As often as possible, I attended day retreats in Philadelphia and Lancaster with other people in the Buddhist recovery community. When I quit drinking, I thought I had found my people, but now with all my new meditation friends, I felt like I had REALLY found my people.

In January 2020 I attended a day retreat with Hugh Byrne. This began my relationship with Chestertown Insight Meditation Community. I was delighted to meet other practicing Buddhists who were not in recovery from addiction. These are regular people just perusing their spiritual passions and not necessarily to save their own life. But my attendance to those meetings were cut short by Covid.

The Chestertown meetings halted by mid March 2020. My meeting at the rehab closed too. In fact all meetings in all recovery arenas closed. For the first time in seven plus years I wasn’t checking in with people in recovery face-to-face on a regular basis. It was just me and my own mind now, and no one knew how long this would last. Eventually online meetings started but there were weeks of pause and wondering “what’s next?”

I still had my meditation practice though. Breathe. Check in with the body. Watch what the mind is doing. Respond, rather than react. Sense any tension, give that area what it needs. Nurture. Breathe.

Quarantine continued. We all stayed home. Breathe. News of civil unrest came. Heart wrenching collisions between the police and Black Lives Matter. Friends are taking sides online and pointing fingers. Breathe. George Floyd couldn’t breathe. The terror of police violence and rioting. Breathe. 10,000 dead, 50,000 dead, 100,000 dead from a respiratory illness. They can’t breathe. They’re on ventilators. We don’t have enough ventilators. I’m crying. I feel alone and I’m afraid. All I can do is breathe. Go back to my practice. One day at a time. One breathe at a time. 2020 - the year of the breath. There were moments when I wanted to drink, to escape, to be obliterated, but I didn’t leave. I just stayed and breathed. Those moments of craving passed like all moments. Buddhism and meditation has taught me the impermanence of all things, good and bad.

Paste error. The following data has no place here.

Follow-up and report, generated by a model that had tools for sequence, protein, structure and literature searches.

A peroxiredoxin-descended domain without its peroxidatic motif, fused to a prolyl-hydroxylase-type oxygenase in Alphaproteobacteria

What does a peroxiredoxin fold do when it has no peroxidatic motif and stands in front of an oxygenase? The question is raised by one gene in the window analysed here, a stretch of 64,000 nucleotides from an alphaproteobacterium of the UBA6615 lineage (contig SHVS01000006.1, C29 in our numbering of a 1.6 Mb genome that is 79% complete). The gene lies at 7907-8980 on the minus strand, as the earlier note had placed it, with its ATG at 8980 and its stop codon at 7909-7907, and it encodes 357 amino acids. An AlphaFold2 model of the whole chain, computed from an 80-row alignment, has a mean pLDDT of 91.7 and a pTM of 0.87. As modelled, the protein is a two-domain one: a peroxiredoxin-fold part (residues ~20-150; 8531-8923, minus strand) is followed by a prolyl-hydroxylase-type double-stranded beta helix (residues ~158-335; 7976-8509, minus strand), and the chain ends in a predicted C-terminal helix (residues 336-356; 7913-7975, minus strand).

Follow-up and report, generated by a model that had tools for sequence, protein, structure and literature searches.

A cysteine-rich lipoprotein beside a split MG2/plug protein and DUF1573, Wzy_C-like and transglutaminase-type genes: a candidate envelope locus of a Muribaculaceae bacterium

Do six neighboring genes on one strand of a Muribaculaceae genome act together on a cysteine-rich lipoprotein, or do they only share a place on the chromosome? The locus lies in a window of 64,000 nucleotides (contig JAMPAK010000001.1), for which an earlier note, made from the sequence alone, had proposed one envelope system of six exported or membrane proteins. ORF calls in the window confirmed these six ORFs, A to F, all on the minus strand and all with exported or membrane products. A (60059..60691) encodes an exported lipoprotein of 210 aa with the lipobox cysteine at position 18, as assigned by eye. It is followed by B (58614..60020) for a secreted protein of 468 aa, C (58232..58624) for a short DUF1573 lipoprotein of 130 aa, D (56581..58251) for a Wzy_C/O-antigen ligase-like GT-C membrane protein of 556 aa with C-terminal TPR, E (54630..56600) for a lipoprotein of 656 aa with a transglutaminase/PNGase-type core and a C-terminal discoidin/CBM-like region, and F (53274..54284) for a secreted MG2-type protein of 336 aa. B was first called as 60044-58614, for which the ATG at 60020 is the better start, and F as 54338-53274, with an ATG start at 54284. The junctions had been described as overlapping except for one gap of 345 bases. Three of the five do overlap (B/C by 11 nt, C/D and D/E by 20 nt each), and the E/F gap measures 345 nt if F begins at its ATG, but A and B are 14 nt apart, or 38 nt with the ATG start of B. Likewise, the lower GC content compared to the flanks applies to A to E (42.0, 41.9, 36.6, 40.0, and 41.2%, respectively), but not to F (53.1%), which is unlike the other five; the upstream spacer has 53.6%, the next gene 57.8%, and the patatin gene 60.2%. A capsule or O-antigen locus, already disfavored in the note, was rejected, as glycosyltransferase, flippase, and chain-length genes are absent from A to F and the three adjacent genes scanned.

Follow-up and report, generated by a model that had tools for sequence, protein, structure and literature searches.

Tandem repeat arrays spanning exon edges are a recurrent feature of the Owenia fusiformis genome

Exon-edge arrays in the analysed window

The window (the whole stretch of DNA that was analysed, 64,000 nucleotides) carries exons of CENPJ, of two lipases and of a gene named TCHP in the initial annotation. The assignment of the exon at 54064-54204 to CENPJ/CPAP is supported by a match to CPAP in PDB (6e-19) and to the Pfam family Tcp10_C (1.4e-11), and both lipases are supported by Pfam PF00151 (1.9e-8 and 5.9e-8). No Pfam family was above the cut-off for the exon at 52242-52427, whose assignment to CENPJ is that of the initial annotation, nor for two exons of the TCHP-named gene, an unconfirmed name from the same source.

Today, now one year later, vaccinations are rolling out and I breathe a sigh of relief. I practice patience as restrictions are eased and safety increases. My recovery sangha began meeting again at a new outdoor location a few months ago, and with the exception of a handful of snowy frigid days, has continued to meet in-person to discuss Buddhism and meditation. We sit six feet apart and respect the current restrictions.

My meditation is daily - sometimes big, sometimes small. I do what I can with two kids in virtual school and a household to run. Meditation supports mindfulness, and mindfulness supports me. This is the practice that saved me this past year and I’m betting it will save me for the rest of my life. I think we are all on some level of addiction. We are all craving something whether it be a material item, a taste, a feeling, an achievement, and if we also want less suffering, practicing mindfulness along with compassion is key. I preach but I’m not perfect. (Remember that part about ego and forever-a-student?) It’s natural to fear violence and the unknown, to be sad and afraid, but today it doesn’t send me to a drink. I can still breathe.